Details of the intervention
In partnership with EI and over a period of nine months in 2017, the researchers evaluated the impact of the individualization component of Mindspark on learning outcomes for 1,528 students in grades six to eight from fifteen model schools across Rajasthan.
The researchers randomly assigned students into two groups:
- Comparison group: These students used a version of Mindspark without the individualized instruction component; in other words, they received instruction that matched their enrolled grade level.
- Intervention group: These students used a version of Mindspark with the individualized instruction component.
Students used Mindspark in school during their regular math classes over a period of nine months.
The researchers’ randomization approach was such that within each grade level classroom, there was a random mix of students assigned to the comparison or intervention group. Because the only thing distinguishing those students who received individualized instruction from others that did not is chance, any differences in learning between them can be attributed to personalization.
Results and policy lessons
There were no meaningful differences in learning outcomes for the average student who received the fully personalized version of Mindspark relative to those who used the grade-level version of the software. However, access to personalized instruction significantly improved the math achievement of those students who were initially low-performing. Those students in the intervention group who started the program in the bottom 25 percent of performers in their grade saw a positive effect of 0.22 standard deviations in their math learning.
These gains were concentrated in the topics and skills that featured more frequently in the software. They were driven by students’ improved ability concerning number concepts and operations (as opposed to geometry and measurement or data-related concepts). These positive impacts were also driven by greater improvements in applied math learning and problem-solving (as opposed to rote learning). The researchers measured students’ math ability with paper-based assessments (not on computers or tablets); therefore, the study’s measure of math achievement is not confounded with students’ ability to engage with technology.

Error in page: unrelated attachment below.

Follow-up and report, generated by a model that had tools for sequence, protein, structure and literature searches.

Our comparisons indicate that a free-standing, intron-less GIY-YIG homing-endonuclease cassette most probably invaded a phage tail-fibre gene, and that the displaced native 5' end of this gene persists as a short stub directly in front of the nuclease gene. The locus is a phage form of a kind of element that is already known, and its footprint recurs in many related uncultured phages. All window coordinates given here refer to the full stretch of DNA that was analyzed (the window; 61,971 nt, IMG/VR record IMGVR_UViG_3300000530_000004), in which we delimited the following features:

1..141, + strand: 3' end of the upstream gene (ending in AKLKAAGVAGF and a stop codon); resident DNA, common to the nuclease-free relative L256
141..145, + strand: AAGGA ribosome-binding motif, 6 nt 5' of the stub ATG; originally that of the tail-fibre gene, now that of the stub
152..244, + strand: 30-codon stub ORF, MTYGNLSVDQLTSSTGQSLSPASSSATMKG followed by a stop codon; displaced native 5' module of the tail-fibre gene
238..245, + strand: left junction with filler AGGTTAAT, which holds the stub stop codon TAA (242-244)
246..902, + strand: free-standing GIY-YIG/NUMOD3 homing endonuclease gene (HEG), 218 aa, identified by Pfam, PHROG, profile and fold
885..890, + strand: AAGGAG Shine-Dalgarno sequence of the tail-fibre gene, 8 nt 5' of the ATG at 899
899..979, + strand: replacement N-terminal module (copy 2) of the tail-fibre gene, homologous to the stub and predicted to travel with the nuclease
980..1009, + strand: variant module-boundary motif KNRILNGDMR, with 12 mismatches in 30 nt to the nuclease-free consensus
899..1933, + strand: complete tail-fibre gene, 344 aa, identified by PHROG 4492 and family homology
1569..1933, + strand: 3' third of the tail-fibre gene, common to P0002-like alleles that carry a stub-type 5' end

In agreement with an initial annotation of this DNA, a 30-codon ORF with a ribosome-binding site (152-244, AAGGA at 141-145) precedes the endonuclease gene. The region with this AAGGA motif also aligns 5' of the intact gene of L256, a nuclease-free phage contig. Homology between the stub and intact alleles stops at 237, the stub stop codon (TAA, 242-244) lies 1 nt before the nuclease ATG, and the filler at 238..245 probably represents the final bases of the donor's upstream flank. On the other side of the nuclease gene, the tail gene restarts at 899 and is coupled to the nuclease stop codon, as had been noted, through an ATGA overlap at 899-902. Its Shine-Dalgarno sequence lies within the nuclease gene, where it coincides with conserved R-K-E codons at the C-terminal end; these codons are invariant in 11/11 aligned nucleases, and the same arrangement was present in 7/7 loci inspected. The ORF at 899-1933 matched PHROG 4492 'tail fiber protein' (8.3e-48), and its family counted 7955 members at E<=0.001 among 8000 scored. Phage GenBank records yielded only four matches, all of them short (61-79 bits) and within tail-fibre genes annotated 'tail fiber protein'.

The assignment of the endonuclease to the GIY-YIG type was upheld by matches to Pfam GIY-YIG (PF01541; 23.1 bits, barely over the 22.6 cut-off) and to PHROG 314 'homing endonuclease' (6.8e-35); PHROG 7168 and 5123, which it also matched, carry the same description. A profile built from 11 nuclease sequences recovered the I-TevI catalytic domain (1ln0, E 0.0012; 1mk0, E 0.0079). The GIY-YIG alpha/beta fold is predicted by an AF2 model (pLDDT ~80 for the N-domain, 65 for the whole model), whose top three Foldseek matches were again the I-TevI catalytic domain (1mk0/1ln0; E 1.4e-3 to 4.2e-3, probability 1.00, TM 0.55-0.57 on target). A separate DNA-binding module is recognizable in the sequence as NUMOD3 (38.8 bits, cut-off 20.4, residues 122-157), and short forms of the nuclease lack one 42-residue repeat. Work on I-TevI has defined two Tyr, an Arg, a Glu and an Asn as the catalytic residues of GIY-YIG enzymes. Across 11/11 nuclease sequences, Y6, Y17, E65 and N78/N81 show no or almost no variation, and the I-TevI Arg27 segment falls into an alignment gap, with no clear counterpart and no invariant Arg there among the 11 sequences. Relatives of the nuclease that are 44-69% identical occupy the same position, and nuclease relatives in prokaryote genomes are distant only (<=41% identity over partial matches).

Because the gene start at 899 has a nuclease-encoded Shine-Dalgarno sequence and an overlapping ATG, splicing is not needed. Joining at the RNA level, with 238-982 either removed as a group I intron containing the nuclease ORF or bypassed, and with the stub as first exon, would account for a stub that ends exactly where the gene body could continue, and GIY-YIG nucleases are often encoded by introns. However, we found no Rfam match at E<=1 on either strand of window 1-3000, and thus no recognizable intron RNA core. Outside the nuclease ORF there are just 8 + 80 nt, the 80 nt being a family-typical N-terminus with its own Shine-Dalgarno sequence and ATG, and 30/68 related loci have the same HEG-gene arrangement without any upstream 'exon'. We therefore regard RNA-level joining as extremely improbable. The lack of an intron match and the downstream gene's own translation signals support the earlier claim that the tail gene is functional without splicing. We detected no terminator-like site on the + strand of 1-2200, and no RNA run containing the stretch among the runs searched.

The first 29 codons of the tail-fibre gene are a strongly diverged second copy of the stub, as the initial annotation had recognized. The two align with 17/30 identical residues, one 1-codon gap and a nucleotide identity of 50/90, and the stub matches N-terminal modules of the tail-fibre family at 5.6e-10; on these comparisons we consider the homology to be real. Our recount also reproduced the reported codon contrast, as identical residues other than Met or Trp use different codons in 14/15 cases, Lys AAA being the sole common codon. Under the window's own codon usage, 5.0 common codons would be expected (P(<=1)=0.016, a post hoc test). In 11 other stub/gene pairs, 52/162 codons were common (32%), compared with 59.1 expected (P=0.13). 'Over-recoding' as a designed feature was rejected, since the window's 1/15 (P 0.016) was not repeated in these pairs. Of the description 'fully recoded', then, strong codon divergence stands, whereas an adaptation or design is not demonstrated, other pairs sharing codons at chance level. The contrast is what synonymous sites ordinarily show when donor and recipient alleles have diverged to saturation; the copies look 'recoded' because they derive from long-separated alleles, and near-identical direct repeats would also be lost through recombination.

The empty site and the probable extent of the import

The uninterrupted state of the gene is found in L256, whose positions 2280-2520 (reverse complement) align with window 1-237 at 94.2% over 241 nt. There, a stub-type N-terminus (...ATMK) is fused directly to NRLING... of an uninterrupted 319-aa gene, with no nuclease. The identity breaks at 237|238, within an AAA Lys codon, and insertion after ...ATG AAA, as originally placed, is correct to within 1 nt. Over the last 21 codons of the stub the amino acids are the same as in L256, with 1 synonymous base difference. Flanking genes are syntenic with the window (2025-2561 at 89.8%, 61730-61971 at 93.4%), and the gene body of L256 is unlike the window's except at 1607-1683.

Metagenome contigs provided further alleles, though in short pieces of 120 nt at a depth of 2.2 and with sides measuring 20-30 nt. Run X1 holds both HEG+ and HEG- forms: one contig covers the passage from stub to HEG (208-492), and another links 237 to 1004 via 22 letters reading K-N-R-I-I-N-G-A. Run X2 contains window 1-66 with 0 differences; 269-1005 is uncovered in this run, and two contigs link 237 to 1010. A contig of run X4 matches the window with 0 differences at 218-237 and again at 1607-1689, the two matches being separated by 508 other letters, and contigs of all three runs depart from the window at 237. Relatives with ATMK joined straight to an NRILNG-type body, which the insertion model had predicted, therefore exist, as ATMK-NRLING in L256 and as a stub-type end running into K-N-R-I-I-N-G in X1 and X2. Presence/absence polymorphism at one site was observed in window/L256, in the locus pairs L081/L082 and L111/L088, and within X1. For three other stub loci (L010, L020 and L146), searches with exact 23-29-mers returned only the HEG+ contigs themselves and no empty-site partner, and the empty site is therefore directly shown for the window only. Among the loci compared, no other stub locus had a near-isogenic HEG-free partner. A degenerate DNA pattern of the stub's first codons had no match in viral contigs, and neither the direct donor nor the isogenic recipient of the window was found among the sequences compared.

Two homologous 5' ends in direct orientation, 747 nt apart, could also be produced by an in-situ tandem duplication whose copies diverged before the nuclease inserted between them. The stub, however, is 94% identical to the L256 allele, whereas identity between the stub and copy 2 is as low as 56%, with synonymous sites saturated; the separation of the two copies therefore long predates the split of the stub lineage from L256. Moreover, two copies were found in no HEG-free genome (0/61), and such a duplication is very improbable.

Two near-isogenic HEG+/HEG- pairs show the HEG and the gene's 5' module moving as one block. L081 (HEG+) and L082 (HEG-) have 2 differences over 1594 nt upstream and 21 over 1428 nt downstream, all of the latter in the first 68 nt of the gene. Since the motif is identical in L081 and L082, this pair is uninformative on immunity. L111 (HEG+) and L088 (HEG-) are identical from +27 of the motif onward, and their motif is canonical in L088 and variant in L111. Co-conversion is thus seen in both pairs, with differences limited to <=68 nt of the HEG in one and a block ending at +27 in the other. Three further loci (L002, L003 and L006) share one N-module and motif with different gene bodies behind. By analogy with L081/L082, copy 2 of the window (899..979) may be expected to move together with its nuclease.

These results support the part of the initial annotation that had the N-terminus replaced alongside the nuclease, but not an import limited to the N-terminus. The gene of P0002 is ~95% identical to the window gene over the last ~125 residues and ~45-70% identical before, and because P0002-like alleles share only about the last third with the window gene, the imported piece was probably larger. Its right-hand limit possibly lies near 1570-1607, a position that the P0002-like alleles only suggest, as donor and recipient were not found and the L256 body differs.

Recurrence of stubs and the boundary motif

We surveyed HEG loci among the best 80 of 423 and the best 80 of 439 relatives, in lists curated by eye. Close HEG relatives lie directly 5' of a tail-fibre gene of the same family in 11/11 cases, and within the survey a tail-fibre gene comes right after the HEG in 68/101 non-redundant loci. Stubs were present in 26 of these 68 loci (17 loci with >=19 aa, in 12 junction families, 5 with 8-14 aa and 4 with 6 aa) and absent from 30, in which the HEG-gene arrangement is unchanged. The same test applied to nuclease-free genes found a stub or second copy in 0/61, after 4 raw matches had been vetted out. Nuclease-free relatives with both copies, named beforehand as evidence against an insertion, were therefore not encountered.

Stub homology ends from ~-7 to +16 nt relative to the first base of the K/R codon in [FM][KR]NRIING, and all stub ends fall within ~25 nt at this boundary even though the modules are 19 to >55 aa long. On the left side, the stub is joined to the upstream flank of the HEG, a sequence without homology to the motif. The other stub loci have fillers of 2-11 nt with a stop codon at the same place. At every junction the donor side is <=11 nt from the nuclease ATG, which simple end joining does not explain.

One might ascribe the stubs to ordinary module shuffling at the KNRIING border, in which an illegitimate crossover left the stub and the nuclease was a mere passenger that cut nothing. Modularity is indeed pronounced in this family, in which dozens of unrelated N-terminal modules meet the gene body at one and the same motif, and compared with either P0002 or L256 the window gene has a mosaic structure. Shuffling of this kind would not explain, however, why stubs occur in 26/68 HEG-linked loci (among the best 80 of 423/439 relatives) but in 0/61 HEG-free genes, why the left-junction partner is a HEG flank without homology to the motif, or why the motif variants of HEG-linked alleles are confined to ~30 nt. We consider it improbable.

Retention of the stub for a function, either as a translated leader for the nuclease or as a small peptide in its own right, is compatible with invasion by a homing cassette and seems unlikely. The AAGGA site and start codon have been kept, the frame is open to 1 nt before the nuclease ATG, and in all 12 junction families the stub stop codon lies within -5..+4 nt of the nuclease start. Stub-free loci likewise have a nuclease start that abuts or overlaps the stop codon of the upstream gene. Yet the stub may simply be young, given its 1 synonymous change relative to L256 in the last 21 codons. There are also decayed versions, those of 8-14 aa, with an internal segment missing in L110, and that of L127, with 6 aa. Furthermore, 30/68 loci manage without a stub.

The typical student used the software for 329 minutes across the nine months of the study. This usage level is low compared to that of an out-of-school version of Mindspark from another evaluation. There was also considerable variation in the level of interaction from week to week. The researchers suggested that this may have been related to challenges the schools faced regarding classroom or computer availability and teacher coordination.
Overall, these results suggest that low-performing students may stand to benefit the most from individualized instruction, at least in the context of computer-adaptive learning software. This is the first study to document this relationship through an experimental evaluation in a developing country. More broadly, studies like this also indicate the potential for individualized learning and targeted instruction—either with or without education technologies like Mindspark—to help lead to improved educational outcomes for students who are low-performing.
1 de Barros, Andreas, and Alejandro J. Ganimian. “The Foundational Math Skills of Indian Children.” Economics of Education Review 92 (2023): 102336. https://doi.org/10.1016/j.econedurev.2022.102336.
2 ASER (2019). Annual Status of Education Report 2018 (Rural). Provisional Report, Pratham, New Delhi.